There are conflicting signals within the industry about the health of the separately managed accounts business. Bob Cunha, principal at Market Metrics in Quincy, Massachusetts, who presented its annual research polling 400 advisors at the Money Management Institute’s annual gathering in Washington May 2, said unified managed accounts will grow substantially in the coming years, and it’s important for money managers “to get on the train.” Cunha added that UMAs “are the wave of the future,” and will help money managers grow a “higher margin mutual fund business.”
But at the Investment Company Institute’s annual event in Washington later that month, John Streur, senior managing partner at Managers Investment Group, said that growth of separately managed accounts is declining, and will continue to do so. Streur said that mutual funds grew more than separate accounts in the last quarter of 2006, noting “advisors and investors have found limitations with SMAs and use them as niche products.” Peter Cieszko, president of global distribution for Evergreen Investments, who joined Streur on the same panel, said that use of SMAs continues to be dominated by wirehouses; 12% to 14% of RIAs use SMAs, he said. More advisors haven’t embraced SMAs, he said, because there’s no way to deliver them to investors, adding that the fund industry is “looking at this.”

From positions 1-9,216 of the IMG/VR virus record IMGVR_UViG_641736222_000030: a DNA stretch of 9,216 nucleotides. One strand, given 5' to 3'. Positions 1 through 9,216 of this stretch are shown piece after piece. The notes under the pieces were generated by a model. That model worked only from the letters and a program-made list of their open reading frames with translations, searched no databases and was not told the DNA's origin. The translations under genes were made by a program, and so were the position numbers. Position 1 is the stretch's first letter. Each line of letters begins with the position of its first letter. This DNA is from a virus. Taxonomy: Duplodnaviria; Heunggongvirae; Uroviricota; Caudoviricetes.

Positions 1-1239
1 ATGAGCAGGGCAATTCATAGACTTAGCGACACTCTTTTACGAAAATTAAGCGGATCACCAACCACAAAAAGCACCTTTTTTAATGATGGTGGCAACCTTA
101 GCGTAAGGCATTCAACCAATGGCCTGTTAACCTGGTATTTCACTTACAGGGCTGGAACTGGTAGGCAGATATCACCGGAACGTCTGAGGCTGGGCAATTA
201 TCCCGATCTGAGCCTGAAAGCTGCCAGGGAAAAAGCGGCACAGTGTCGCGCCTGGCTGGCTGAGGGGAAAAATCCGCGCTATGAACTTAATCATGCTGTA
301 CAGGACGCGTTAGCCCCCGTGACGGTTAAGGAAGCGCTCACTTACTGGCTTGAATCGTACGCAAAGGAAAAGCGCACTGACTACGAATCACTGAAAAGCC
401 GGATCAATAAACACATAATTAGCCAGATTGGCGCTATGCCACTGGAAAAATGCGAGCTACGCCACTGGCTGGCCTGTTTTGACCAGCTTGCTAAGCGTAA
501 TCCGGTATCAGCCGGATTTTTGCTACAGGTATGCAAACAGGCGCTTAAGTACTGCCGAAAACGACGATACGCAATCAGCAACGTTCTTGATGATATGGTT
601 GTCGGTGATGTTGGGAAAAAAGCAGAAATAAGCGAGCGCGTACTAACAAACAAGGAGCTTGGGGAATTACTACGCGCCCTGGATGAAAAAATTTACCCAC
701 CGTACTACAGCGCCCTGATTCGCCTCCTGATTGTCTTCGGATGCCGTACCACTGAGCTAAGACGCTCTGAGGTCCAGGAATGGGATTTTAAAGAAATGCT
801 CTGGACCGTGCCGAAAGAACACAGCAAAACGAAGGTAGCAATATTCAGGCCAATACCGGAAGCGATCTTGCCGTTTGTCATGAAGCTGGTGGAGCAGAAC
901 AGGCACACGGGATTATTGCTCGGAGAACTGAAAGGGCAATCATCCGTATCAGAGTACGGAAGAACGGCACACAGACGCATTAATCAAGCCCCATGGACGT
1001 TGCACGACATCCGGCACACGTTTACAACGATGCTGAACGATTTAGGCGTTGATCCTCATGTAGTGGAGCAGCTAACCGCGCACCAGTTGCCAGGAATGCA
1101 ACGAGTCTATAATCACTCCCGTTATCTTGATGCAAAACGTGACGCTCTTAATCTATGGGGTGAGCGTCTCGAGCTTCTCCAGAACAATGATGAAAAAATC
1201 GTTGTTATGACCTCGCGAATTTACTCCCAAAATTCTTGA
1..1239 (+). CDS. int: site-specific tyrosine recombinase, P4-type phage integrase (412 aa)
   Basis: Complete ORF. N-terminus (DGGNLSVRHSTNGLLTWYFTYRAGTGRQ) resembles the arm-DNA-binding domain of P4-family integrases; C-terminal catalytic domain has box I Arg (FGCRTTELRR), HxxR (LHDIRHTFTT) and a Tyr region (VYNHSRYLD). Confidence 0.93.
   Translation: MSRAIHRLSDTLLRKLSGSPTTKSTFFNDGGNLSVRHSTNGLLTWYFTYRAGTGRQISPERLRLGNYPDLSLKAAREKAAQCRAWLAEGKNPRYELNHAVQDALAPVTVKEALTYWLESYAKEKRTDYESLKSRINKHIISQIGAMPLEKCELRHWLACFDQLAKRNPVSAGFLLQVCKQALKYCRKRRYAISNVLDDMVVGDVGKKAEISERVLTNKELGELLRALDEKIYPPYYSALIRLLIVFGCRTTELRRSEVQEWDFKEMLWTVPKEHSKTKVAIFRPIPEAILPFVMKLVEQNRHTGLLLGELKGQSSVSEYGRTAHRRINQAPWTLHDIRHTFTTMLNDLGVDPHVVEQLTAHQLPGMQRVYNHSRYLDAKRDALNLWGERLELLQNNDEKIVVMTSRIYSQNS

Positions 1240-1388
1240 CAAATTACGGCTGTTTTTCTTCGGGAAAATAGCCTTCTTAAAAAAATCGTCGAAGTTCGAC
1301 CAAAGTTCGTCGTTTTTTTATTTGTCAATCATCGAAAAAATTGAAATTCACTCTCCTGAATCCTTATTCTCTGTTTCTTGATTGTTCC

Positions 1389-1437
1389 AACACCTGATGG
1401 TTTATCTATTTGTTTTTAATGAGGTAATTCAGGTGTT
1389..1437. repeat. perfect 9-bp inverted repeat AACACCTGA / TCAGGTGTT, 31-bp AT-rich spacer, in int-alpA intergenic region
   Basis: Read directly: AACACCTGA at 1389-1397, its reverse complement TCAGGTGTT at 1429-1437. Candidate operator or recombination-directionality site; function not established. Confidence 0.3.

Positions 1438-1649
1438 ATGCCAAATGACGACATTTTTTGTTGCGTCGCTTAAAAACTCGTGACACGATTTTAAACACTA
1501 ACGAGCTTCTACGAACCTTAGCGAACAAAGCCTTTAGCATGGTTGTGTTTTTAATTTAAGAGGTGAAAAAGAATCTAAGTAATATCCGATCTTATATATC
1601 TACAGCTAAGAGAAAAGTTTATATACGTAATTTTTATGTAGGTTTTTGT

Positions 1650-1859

When it comes to separately managed accounts, performance is the top issue for advisors, according to the Market Metrics poll. But strong sales and marketing support are important as well because it helps to “accelerate growth for money managers,” added Joe Babiec, principal at Market Metrics, who joined Cunha in presenting the research’s findings.